A rear cone 45 is provided, of frustoconical forwardly flaring shape and preferably made of a pair of metal sections with longitudinal flanges 46 bolted together by bolts 47. The cone 45 has axial exterior reinforcing ribs 49 secured thereto. The rear end of the cone 45 is open for entry of air and has the front portions of the burner tips 24 disposed therein and the longitudinal axis of the cone 45 is parallel to the longitudinal axes of the burner gun tubes 18.
A front cone 50 is provided of frustoconical forwardly flaring shape, longitudinally axially aligned with the cone 45, and preferably made of a pair of metal sections with longitudinal flanges 51 bolted together by bolts 52.
The rear end of the cone 50 has an outwardly extending rear flange 53 which can be secured to the uprights 13 by bolts 54 and to which the ribs 49 can be secured by bolts 55.
An annular air entry space 57 is provided at the front end of the cone 45 and the rear end of the cone 50 and at that location a rear water spray ring 60 is provided with a water supply pipe 61 connected thereto.
The water spray ring 60 is provided at a plurality of locations with water spray heads 62 to each of which water is supplied from the ring 60 for direction by a cylindrical inner surface 63 inwardly and forwardly into the advancing flame in the front cone 50.
The front cone 50, at the forward end thereof has a front water spray ring 65 disposed therearound and spaced outwardly therefrom for passage of air therebetween. The ring 65 is preferably supported by the uprights 14 and has a water supply pipe 66 connected thereto. The ring 65 is. provided with a plurality of water spray heads 62 for directing vWater into the advancing flame after it has advanced forwardly from the front cone 50.
The mode of operation will now be pointed out.
Crude oil to be burned is supplied by the crude oil supply pipes to the burner tips 24 where it is atomized and delivered forwardly at the rear of the rear cone 45 for combustion.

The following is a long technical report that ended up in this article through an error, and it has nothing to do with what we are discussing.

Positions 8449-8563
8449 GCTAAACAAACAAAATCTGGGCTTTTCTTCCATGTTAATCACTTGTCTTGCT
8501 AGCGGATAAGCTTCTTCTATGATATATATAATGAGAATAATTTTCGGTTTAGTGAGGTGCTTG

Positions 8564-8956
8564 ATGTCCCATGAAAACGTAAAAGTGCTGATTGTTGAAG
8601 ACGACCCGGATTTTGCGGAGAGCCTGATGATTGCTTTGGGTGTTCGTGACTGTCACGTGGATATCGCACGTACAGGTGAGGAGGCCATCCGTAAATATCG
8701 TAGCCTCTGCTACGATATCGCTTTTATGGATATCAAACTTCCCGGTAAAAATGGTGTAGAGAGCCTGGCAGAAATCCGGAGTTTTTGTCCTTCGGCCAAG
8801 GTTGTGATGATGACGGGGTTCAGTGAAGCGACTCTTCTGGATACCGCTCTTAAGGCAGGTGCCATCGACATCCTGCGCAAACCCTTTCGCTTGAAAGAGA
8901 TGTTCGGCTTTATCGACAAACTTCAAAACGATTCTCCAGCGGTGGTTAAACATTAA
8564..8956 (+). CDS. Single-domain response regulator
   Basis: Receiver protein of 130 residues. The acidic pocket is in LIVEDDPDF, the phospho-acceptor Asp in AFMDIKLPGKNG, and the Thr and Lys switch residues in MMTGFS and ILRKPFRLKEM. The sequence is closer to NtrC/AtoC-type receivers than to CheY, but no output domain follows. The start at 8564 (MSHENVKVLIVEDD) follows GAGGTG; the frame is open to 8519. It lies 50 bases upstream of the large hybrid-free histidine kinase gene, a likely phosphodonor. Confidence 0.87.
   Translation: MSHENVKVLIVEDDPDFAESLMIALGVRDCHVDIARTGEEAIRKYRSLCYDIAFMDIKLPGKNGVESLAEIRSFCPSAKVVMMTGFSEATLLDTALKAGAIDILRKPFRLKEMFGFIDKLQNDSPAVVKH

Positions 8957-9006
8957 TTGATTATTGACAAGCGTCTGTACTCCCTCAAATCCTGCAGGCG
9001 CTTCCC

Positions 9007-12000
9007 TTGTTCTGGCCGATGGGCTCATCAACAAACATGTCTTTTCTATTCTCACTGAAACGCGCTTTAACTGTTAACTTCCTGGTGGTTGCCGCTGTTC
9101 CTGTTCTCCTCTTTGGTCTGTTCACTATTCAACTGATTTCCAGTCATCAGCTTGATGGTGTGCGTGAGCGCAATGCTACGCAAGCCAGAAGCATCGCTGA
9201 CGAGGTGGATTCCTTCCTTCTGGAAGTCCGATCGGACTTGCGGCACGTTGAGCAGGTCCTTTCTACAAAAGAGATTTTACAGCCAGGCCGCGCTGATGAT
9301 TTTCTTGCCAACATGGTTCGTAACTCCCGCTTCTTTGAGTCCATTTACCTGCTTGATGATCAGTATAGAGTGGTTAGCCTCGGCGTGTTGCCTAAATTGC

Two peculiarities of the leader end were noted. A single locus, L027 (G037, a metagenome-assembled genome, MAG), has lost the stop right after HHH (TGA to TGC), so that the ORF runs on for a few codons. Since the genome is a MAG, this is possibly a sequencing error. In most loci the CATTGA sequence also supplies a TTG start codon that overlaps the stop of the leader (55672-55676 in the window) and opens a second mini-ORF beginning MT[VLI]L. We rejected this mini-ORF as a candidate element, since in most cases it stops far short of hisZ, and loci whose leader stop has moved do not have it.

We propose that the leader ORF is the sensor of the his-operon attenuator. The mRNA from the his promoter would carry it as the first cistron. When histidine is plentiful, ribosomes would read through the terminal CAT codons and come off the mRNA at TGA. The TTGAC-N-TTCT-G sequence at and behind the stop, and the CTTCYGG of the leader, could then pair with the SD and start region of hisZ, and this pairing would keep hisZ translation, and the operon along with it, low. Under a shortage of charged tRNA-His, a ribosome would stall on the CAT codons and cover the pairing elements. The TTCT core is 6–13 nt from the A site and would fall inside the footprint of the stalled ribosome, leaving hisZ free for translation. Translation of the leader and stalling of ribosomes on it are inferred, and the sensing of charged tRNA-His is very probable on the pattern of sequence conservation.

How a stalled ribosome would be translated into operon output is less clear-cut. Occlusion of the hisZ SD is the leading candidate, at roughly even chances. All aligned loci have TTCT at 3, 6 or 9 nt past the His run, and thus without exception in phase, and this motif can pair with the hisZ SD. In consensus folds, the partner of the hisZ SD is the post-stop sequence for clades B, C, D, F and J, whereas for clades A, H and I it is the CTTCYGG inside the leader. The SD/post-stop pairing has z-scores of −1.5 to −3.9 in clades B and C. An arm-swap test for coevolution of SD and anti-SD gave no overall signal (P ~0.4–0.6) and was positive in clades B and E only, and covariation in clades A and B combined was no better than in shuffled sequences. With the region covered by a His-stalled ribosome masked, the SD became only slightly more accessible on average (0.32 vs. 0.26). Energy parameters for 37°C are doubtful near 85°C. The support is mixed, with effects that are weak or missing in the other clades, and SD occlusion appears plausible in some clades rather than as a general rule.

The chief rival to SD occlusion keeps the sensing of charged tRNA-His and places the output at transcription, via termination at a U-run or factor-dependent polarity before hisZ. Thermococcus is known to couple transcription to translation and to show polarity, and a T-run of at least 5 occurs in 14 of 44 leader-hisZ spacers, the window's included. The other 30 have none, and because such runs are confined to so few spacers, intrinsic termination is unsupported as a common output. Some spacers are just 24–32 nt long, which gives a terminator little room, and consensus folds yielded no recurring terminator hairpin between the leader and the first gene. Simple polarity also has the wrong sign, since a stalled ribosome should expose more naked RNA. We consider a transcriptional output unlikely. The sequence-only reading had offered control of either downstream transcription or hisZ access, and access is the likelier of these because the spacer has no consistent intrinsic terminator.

The pilot gas burner causes initial ignition, the burner 30 being ignitied if required from the ignition panel 35.
Air for combustion is induced through the rear end of the rear cone and combustion continues through the rear cone 45 and the front cone and a long dis- .tance therebeyond and preferably above the surface of the sea.
Water from the rear spray ring is atomized and directed forwardly and inwardly into the flame in the front cone 50 by the water spray heads 62 on the ring 60.
Water from the front spray ring 65 is atomized and directed forwardly and inwardly into the flame beyond the front cone 50 a distance which may be greater than the maximum diameter of the front cone 50.
The radial spacing of the front spray ring 65 from the front cone 50 permits of air being drawn into the flame at this location.
The introductionof air in the manner described at the rear of the cone 45,and at the rear and front of the cone 50, and the introduction of water into the flame in the cone 50 and beyond the cone 50 have been found effective to obtain amokeless firing of the crude oil over a wide operating range and at very high flow rates.
1. Apparatus for burning crude oil comprising a burner assembly including-a plurality of hunters into said front cone and into the flame therein, and
a front water spray ring contiguous to the front end of the front cone and having members for directing water forwardly and inwardly beyond the front end of said front cone and into the flame advancing therebeyond.
2. Apparatus for burning crude oil as defined in claim in which:
said burners include a plurality of burners at spaced radial locations within the rear end of the rear cone.
3. Apparatus for burning crude oil as defined in claim 2 in which said gas pilot is centrally axially disposed and said burners are disposed therearound. 4. Apparatus for burning crude oil as defined in claim 1 in which said front water spray ring is spaced outwardly from the front of said front cone for movement therebetween of air for combustion. 5. Apparatus for burning crude oil as defined in claim 1 in which the longitudinal axes of said cones are horizontally disposed. 6. Apparatus for burning crude oil as defined in claim 1 in which at least one of said cones is made of a plurality of longitudinally separable portions. 7. Apparatus for burning crude oil as defined in claim 1 in which means is provided connected to said gas pilot for ignition at said gas pilot. 8. Apparatus for burning crude oil as defined in claim 1 in which said burner assembly includes detachable burner members.
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|U.S. Classification||431/285, 431/202, 431/4, 60/39.53, 431/190, 431/351|
|International Classification||F23L7/00, F23D11/10, F23G7/05, F23D11/24|
|Cooperative Classification||F23G7/05, F23L7/002|
|European Classification||F23G7/05, F23L7/00C|